The other item is a comment written on a Wall Street Journal homework discussion group I set up a while ago. The writer appears to lament the fact that he did not take his homework seriously when he was a child and that that prevented him from accomplishing certain things in his life. He obviously disagrees with my point of view.To start, I want to be perfectly clear that I respect everyone’s experience for what it is. The teacher who is frustrated with non-educators telling her how to run her classroom has my full support. I have no doubt that we are in a time when teachers are under huge pressure from influences that emanate from outside their field. They are being judged and held accountable by politicians, not by the natural supervisors in their fields. I’m a psychologist and I have always been responsible to my state licensing board, to my supervisors when I worked in salaried positions, and to my clients for their patronage. I have been trained in my field and I expect that developments in professional practice will come from other professionals, not non-psychologists telling me what to do.
But, I also practice within a specific space. I see people in my office. Sometimes, I see them off site at locations where I’ve been asked to appear. But I never assume that I control spaces that don’t belong to me. I make recommendations. I don’t enforce behaviors.The teacher, who wants freedom to run her classroom, should have freedom to run her classroom following reasonable standards established by her field. I would not quibble with that. In fact, I offer that notion my full and active support.
But what does she mean when she says non-educators are telling her how to run her classroom? We homework critics are not talking about classroom practice. We’re talking about expectations, enforced by grading policy, regarding behaviors that take place in the home. Just as this teacher feels strongly about non-educators telling teachers how to run their classrooms, I feel concerned that teachers are telling parents how to run their homes.My second comment is in reference to the man who laments that he did not study harder when he was in school. I understand his experience and recognize that it is valid. In my work, I have met many adults who feel the way he does. They regret the decisions they made when they were young.
When I talk with these people, I find that they are quite bright but that there were reasons they did not do their work. Typically, they had problems with working memory and processing speed and it took them too long to get the work done. I often pose the question, what do you think would have happened if you had been asked to work for a limited period of time, whether or not the assignment got done? The answers differ, but most get wide-eyed and tell me they probably would have done more. For them, the endlessness of homework was the primary reason they eventually turned off to education. And, of course, they become adults and regret the result.Again, I respect everyone’s experience. I feel for the teacher who faces a chorus of critics telling her what to do. I feel for the man who laments the fact that he did not work harder when he was a child. But there are underlying issues that can get missed when one fails to challenge established beliefs.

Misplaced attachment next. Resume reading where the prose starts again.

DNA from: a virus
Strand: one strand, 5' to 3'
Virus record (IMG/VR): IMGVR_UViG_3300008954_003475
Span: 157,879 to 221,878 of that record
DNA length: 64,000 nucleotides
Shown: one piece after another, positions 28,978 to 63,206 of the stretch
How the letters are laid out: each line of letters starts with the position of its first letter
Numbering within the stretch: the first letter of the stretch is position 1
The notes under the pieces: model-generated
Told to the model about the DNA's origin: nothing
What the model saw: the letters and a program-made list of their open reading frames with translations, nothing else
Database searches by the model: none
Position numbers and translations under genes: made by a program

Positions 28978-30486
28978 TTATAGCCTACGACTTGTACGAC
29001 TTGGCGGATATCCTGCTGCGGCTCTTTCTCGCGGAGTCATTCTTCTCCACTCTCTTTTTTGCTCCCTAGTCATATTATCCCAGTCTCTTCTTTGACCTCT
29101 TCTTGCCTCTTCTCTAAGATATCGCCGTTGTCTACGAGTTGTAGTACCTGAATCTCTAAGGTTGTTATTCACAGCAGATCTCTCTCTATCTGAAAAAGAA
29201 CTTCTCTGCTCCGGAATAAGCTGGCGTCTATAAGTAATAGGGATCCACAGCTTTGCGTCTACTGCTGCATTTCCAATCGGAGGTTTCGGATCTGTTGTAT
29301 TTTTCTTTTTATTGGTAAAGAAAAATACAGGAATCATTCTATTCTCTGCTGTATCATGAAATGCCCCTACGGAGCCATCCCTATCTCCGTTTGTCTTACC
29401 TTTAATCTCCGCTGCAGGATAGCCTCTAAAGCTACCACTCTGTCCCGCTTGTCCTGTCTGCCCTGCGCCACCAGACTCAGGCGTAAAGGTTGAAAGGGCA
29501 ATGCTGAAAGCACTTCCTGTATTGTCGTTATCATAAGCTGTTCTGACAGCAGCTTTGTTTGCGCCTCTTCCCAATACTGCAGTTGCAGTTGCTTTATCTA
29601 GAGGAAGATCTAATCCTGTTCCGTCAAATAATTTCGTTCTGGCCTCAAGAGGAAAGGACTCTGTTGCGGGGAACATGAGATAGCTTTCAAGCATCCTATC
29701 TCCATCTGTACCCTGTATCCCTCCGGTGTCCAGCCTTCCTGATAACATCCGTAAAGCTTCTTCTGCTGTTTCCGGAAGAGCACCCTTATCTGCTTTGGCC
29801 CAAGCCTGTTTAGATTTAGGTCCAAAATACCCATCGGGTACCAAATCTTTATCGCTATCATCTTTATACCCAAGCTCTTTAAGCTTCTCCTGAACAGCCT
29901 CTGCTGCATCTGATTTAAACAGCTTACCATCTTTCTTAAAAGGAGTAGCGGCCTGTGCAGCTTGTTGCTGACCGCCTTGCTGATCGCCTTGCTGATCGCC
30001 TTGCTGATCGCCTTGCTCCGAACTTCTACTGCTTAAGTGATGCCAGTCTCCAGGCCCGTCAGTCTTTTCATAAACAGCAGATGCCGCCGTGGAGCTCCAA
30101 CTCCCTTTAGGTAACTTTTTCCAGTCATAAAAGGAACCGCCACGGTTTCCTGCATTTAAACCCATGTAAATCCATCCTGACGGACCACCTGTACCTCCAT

The teacher should have power in her classroom. Parents need power in their homes. Children should have options for a satisfying future whether they like to read or hit baseballs when they are home. The foundations for future success come from self-esteem, as much as they come from the specific things we learn. There’s nothing intrinsically wrong with giving children some assignments to do at home. There is something wrong when coercion is used, through unduly negative grades, that throws parents into a tizzy and cause children to then rebel.
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Dr. Kenneth Goldberg, is the author of The Homework Trap: How to Save the Sanity of Parents, Teachers, and Students, published by Wyndmoor Press.